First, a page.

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Value Your Writing

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I was watching a documentary about Christie’s Auction House the other day (more unexpected research!) when they took delivery of a beautiful Constable painting. Three specialists inspected the piece, oohing and aahing over the quick brush strokes and immensity of the sky. Then came the real deliberations… how much was it worth? As they debated over how many tens of millions it might fetch, the documentary maker asked them how they arrived at such a price (£20 million). The specialists said that the price was based on how much previous Constable paintings sold for and how much buyers would be prepared to pay. It was staggering to me – it wasn’t so much to do with the actual artwork itself, but how the art world chose to value it. The artist is long gone and even if he were alive today, could not profit from these kinds of sales. Banksy highlighted this issue when he shredded one of his paintings that was resold at auction.

The way society values things can often seem completely unrelated to an item’s true worth. It seems to be more about ownership and the prestige that it brings, rather than investing in an item because it means something to you. The documentary went on to boast about Christie’s new operations in China, where they were basically teaching the Chinese the value of Western art (i.e. teaching them how to spend their millions lusting after the same limited number of artworks deemed worthy). It all seemed so fake and contrived to keep money flowing within the same circles. As my mother would say, money for old rope! These auction houses aren’t actually creating anything or adding value – they are making their money off the backs of artists who died hundreds of years ago, many of them penniless. I often think of Van Gogh and how he struggled throughout his life. Ostracised by the art world at the time, his paintings speak to so many of us now because of their individuality and unique style.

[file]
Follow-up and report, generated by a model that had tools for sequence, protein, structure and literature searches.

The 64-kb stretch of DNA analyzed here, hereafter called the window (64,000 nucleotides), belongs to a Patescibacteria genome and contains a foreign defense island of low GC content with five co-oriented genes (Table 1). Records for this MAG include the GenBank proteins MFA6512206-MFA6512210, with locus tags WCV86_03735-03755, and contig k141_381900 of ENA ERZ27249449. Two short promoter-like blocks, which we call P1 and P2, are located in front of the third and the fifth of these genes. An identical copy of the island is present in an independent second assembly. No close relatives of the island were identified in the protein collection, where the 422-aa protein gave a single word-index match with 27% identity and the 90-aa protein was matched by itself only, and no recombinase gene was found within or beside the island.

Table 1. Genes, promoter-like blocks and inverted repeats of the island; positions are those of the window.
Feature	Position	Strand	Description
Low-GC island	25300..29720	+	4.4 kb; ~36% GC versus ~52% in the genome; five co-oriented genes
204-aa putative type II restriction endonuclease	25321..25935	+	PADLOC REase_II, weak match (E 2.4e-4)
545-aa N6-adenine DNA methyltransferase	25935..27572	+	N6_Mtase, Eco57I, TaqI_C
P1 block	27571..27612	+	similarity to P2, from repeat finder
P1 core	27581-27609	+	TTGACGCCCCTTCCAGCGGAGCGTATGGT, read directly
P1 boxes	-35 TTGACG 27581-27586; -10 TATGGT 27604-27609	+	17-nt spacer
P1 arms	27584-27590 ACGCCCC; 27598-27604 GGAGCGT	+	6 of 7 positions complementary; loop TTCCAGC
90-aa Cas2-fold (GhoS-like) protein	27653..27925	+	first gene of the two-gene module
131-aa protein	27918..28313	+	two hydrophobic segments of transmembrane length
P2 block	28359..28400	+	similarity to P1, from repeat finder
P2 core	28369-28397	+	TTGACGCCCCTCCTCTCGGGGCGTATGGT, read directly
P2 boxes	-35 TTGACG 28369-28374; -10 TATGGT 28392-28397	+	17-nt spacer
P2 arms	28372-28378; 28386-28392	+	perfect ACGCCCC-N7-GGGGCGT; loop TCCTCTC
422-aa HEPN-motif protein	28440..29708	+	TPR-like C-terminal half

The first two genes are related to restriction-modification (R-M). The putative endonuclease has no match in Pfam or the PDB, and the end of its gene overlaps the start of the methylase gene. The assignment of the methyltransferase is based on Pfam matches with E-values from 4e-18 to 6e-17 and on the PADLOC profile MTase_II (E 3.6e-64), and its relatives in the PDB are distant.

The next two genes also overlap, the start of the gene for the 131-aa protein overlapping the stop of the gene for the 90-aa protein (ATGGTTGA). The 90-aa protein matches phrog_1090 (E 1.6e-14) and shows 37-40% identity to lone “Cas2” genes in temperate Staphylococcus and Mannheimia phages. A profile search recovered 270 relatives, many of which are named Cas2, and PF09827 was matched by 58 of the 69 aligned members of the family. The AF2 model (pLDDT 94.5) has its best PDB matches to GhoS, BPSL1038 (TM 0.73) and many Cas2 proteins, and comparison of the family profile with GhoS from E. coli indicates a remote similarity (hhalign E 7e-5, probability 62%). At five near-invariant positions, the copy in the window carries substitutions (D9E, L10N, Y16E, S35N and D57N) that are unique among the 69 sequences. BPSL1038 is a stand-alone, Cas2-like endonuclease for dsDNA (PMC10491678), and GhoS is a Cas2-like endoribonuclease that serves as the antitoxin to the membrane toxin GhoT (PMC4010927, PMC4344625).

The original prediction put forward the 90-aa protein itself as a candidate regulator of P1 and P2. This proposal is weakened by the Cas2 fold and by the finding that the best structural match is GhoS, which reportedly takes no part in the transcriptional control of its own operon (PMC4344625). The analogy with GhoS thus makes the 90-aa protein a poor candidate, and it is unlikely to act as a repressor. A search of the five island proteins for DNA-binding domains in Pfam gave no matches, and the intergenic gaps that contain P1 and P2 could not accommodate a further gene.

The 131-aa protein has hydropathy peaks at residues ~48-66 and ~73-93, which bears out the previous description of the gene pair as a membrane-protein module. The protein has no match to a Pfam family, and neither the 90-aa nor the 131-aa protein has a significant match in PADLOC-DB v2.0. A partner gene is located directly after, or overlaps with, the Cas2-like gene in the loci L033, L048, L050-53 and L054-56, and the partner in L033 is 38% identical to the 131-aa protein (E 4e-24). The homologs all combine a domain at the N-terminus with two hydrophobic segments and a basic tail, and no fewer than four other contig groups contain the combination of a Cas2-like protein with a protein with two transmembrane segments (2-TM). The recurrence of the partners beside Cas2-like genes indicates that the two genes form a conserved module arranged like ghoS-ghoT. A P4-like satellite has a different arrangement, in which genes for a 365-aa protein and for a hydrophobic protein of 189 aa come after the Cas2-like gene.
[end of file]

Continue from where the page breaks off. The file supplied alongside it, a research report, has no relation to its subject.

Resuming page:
Anyway, what has all this got to do with anything? Well, I’ve been stressing over book sales recently – wondering if I could be doing more and getting frustrated with myself because OBVIOUSLY I’m not doing enough. Which has ultimately led to me viewing my work purely in terms of rankings, sales and reviews. Which is awful – nobody should view their work in those terms, yet it is a reality you face when you’re trying to make a living out of writing.

The problem is, it’s an extremely narrow view of how much your book is worth. I lost touch with how much value I gained from writing my stories in the first place – how much writing helped me through the ups and downs of life. My books have been an escape and a sanctuary. A source of limitless frustration, yes, but also a source of pride. Becoming a writer has been a dream come true. It has given my life a whole new meaning and purpose. Not to mention the joy of being read! One of my favourite reviews (which I should really stick on my fridge in moments of doubt) was from a reader who thanked me for following my passion and living my purpose. Now, what could be worth more than that? You can’t put a price on that kind of connection.

We are all creators, communicating our unique experience of life. Value arbitrarily placed on something by the outside world doesn’t always necessarily mean ‘better’. It might just mean they can find a buyer for it, or that it will sell with minimal fuss. The same applies if you submit a manuscript to a publisher – if they don’t think your book is commercial enough, it doesn’t necessarily mean that it isn’t any good. Market forces are driven by very different motives. Was J.K. Rowling’s writing any less impressive when she was writing in a cafe, unemployed and unable to get published? Were Van Gogh’s paintings any less vibrant and expressive when the art world had turned their back on him? The work is it’s own reward, its value is inherent, regardless of stats or awards. Your writing has value, whether you are published or not, whether your last book was a hit or not. So never skimp on the quality of your work – make it the best it can be, for yourself. Don’t follow the markets or compromise your ideas. Never stop dreaming. The process of creation, fulfilling your artistic potential, telling your story – all of these things are beyond price tags.